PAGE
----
Bad breath 101: What causes bad breath and how can a dentist treat it?
- Posted on: Jan 15 2020
A dental condition that can be the source of great embarrassment is that of bad breath. Also known as halitosis, bad breath can affect one’s oral health, self-confidence, and personal relationships—especially with their significant others. However, by finding the cause of one’s bad breath, treatment can be simple and patients can eliminate bad breath once and for all. If you suffer from halitosis and are trying to determine its cause, it may be time to speak to the dental professionals of New Smiles Dental in Sherwood, OR.
What can cause bad breath?
The cause of bad breath may be due to a combination of factors, or due to one factor alone. Below are some of the most common causes of halitosis:
- Food. Foods such as garlic, peppers, and onions are notorious for causing bad breath. While it may seem like common sense to avoid these issues, it is also important to understand that some of these highly odorous foods actually enter into the bloodstream and can cause a more internal problem. By cutting back on these foods, many patients see a reduction in the severity of their halitosis.
- Gum disease. Periodontal disease causes bacteria to accumulate in the soft tissues of the mouth and can contribute to bad breath. By treating periodontal disease, patients may find that not only is their smile healthier, but their bad breath is easier to control.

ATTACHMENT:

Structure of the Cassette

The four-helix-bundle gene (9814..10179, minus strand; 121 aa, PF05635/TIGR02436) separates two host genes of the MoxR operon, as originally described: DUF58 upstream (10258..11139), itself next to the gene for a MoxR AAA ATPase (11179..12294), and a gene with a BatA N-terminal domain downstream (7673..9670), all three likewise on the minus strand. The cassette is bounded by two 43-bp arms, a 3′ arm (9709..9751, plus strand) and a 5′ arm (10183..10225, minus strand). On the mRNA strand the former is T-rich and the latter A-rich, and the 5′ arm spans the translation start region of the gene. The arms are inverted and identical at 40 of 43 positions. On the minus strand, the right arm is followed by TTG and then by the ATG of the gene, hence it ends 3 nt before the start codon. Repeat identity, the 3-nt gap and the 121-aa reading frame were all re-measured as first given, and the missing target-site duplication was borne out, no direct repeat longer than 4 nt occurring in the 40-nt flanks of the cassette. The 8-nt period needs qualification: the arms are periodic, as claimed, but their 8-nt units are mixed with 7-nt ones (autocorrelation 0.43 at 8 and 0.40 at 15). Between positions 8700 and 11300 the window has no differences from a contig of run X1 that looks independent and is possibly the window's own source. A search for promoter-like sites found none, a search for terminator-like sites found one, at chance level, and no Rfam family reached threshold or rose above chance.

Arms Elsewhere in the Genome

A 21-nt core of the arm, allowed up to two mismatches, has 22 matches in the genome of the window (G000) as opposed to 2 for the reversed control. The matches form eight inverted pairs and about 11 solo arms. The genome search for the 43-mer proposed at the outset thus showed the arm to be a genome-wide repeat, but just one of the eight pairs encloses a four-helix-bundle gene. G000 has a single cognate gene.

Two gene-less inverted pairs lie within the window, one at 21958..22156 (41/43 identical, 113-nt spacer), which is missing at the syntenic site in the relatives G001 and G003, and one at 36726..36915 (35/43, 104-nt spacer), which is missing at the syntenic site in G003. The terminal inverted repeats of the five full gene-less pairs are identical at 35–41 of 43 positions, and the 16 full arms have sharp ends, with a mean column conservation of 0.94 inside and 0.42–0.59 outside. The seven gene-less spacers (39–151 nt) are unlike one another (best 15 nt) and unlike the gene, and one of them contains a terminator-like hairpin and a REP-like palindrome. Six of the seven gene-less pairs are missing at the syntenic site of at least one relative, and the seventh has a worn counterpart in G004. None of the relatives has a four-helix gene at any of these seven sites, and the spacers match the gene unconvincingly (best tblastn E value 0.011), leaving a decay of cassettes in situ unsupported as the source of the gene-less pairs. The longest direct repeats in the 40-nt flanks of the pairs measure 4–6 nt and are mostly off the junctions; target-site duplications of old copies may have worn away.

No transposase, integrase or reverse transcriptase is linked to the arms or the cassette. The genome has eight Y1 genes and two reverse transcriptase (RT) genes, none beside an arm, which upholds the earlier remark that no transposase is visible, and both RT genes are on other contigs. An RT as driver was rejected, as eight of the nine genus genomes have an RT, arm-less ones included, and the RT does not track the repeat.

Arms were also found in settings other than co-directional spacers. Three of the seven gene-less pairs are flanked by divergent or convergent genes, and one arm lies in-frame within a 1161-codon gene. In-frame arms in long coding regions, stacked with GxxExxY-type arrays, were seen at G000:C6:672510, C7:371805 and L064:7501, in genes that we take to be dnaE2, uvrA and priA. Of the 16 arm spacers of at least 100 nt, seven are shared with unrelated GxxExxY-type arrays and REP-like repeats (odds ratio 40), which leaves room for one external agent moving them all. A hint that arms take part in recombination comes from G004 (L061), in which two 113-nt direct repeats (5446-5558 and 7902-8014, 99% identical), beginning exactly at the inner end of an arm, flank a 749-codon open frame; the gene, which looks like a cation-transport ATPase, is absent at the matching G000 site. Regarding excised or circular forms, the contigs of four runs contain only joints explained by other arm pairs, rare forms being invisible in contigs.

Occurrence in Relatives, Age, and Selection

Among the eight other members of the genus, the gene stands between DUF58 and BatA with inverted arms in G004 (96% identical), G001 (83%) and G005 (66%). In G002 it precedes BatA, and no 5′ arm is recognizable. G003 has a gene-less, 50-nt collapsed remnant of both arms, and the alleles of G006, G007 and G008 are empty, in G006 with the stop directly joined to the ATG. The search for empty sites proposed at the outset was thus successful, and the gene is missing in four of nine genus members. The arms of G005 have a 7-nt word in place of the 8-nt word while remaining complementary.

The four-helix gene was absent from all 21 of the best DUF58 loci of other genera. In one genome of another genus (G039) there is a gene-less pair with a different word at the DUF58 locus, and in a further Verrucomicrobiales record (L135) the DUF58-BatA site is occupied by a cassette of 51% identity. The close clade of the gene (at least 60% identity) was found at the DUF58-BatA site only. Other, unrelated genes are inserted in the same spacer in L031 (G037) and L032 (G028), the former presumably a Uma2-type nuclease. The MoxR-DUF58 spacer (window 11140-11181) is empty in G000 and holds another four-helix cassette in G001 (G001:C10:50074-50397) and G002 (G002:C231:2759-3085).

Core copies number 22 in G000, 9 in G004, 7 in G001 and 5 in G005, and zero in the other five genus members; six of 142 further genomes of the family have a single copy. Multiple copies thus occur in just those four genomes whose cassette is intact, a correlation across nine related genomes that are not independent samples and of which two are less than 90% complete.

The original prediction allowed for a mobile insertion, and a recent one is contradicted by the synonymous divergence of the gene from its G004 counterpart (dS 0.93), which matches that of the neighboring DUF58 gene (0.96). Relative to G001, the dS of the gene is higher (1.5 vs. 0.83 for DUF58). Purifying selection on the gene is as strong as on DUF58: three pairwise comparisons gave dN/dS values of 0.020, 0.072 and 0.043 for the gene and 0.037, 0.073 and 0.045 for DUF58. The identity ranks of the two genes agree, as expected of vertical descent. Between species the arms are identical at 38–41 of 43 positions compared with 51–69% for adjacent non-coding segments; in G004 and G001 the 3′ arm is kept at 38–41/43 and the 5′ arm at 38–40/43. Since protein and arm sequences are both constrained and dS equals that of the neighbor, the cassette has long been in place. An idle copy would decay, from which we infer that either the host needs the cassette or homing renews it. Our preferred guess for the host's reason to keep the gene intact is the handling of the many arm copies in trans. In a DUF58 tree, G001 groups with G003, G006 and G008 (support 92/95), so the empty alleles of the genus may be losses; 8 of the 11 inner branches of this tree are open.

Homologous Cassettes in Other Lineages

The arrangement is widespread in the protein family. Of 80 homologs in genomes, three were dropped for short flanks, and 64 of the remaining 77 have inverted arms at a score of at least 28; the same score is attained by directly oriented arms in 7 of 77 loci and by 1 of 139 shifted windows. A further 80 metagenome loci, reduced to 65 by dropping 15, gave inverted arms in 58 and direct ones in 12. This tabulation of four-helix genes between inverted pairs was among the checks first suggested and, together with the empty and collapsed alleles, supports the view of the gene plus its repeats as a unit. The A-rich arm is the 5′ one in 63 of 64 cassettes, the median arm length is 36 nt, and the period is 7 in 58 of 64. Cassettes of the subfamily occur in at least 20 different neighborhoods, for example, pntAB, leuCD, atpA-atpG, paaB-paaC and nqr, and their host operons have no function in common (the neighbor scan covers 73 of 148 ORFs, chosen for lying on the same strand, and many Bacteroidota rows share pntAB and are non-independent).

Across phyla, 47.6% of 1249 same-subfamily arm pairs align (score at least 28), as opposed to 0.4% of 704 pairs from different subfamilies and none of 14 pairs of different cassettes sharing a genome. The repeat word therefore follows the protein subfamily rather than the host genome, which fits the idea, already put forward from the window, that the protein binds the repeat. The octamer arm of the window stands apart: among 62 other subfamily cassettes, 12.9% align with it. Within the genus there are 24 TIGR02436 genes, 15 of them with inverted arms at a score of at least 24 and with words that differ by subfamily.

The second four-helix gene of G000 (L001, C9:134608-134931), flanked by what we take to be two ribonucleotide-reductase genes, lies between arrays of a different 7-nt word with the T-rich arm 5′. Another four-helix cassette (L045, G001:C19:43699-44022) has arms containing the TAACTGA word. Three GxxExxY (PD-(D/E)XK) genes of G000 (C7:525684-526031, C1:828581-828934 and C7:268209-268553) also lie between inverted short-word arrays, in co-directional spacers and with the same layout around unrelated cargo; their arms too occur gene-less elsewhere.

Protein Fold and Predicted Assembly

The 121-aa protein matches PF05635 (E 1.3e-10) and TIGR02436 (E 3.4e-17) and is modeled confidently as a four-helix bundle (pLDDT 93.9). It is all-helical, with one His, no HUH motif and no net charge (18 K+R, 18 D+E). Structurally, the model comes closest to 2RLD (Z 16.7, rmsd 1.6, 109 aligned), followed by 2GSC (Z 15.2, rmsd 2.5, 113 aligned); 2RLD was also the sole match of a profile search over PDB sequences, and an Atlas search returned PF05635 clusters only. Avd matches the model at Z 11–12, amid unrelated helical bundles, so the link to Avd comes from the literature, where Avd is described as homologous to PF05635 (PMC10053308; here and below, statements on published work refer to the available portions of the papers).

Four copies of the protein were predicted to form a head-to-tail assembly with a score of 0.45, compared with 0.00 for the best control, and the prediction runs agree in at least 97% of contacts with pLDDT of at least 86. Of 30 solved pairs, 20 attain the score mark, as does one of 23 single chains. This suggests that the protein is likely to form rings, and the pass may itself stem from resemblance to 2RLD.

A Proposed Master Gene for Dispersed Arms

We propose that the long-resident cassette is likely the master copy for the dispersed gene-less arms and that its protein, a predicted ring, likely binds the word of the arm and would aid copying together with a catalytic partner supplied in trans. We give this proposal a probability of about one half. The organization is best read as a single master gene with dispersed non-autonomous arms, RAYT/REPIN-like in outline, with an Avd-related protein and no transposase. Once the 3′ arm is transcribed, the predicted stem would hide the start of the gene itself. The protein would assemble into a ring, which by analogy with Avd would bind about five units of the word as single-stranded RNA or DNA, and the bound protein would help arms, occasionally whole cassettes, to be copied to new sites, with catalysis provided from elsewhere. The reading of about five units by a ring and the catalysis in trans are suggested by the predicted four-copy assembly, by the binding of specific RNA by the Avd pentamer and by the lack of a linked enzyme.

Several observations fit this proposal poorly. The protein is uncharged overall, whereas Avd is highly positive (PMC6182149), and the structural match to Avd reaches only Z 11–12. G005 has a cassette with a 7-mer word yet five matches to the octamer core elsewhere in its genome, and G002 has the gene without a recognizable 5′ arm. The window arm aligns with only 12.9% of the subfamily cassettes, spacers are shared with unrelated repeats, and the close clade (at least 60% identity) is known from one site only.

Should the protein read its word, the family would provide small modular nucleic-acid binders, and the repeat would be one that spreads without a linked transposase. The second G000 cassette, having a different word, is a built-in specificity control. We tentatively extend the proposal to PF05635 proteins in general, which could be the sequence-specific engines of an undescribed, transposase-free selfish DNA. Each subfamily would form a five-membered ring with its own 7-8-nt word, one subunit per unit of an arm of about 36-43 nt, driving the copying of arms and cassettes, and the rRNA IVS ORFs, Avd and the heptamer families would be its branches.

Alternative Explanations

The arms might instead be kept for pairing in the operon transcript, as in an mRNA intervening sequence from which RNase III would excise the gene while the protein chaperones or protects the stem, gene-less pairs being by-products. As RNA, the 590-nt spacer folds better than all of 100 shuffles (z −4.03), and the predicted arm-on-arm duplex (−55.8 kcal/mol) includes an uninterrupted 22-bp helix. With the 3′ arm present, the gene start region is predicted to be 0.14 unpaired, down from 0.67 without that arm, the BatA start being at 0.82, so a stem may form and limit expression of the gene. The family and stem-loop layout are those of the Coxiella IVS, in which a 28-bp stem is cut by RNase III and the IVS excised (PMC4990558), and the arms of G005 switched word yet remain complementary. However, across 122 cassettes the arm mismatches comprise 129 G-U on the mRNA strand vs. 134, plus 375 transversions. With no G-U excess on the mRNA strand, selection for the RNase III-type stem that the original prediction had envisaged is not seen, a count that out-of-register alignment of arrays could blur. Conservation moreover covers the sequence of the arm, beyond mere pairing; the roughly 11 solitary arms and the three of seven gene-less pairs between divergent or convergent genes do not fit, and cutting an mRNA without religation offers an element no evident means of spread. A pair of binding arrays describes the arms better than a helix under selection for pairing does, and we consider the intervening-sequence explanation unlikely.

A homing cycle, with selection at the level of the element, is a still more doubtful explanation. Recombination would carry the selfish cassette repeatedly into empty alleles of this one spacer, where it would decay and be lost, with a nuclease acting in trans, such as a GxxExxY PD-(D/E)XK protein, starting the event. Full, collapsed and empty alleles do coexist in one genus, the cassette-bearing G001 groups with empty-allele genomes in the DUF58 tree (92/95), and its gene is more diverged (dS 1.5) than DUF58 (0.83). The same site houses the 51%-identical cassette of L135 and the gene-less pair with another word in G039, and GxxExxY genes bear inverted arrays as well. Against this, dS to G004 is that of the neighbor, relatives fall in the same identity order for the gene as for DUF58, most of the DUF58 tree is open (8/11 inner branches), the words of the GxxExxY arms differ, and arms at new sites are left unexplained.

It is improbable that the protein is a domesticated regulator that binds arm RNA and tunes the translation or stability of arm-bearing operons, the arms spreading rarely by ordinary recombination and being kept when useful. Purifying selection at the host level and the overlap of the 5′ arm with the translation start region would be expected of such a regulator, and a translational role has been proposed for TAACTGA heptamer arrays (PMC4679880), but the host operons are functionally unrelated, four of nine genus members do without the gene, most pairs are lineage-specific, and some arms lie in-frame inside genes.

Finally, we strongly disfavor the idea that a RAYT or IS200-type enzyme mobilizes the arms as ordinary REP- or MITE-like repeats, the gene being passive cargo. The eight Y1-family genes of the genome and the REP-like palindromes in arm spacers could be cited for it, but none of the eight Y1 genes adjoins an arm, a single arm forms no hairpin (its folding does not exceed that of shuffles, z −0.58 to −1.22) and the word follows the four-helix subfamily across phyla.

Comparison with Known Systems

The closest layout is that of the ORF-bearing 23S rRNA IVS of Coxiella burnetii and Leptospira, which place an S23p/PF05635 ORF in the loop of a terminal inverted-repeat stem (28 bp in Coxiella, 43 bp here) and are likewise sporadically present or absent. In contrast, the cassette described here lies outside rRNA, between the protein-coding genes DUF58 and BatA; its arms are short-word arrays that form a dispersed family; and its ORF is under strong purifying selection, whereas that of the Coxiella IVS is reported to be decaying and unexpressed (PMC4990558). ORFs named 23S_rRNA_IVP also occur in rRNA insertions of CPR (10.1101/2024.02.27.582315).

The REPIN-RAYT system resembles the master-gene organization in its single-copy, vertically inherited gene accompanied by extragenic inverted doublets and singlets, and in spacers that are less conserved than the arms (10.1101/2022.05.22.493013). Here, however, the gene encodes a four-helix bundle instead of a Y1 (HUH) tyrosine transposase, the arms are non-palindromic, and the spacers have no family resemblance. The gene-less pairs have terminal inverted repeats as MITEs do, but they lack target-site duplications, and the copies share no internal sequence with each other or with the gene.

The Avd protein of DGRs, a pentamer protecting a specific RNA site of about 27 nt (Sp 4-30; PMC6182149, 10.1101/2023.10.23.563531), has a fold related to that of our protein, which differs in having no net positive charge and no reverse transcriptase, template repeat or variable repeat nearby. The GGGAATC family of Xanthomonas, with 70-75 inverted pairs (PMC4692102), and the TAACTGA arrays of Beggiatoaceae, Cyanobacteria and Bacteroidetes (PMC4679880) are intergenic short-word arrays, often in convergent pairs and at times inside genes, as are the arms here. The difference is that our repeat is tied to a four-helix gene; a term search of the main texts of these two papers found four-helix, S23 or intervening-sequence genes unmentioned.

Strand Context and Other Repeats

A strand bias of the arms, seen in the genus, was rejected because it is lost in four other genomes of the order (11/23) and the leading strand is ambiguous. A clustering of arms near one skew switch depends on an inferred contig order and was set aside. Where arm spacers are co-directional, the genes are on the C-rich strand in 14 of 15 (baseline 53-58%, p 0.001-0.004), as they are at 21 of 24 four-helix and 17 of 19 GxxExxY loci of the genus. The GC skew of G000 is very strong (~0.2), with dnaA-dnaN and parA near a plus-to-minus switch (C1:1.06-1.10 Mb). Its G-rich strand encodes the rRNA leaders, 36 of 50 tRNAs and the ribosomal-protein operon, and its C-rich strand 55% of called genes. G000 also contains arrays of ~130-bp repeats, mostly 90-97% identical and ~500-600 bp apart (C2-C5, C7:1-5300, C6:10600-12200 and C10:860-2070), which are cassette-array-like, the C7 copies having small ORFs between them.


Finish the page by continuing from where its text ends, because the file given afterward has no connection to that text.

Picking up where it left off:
- Bacteria/decay. When patients do not brush and floss their teeth as directed, they may be causing bits of food and bacteria to accumulate on the teeth. Abscessed teeth, cavities, and other problems can result in chronic halitosis. Dental decay may become a problem well before it becomes painful for patients. With routine dental examinations, most patients can find these problems early enough before they become a more serious problem.
- Dry mouth. Dry mouth is caused by a lowered production of saliva that keeps the mouth hydrated. Most patients experience minor discomfort with dry mouth, but it can also lead to bad breath. Patients are advised to drink plenty of water and speak to their primary care physician about certain medications that may be causing dry mouth as a side effect.
- Medical conditions. There are some medical conditions that can also increase one’s risk of developing more chronic halitosis. These include infections of the throat, acid reflux disease, sinus infections, and even diabetes.
Contact us today to learn more about halitosis
Drs. Nathan Doyel, Ben Aanderud, and Ashley Bennett are available to assist patients with their dental health needs, including concerns about persistent bad breath. Contact New Smiles Dental of Sherwood, OR today to schedule a consultation visit and initial evaluation with one of our professionals. We accept new patients at our facility, located at 17680 SW Handley, Suite 101. We can be reached by phone at (503) 925-9595.
Posted in: Oral Hygiene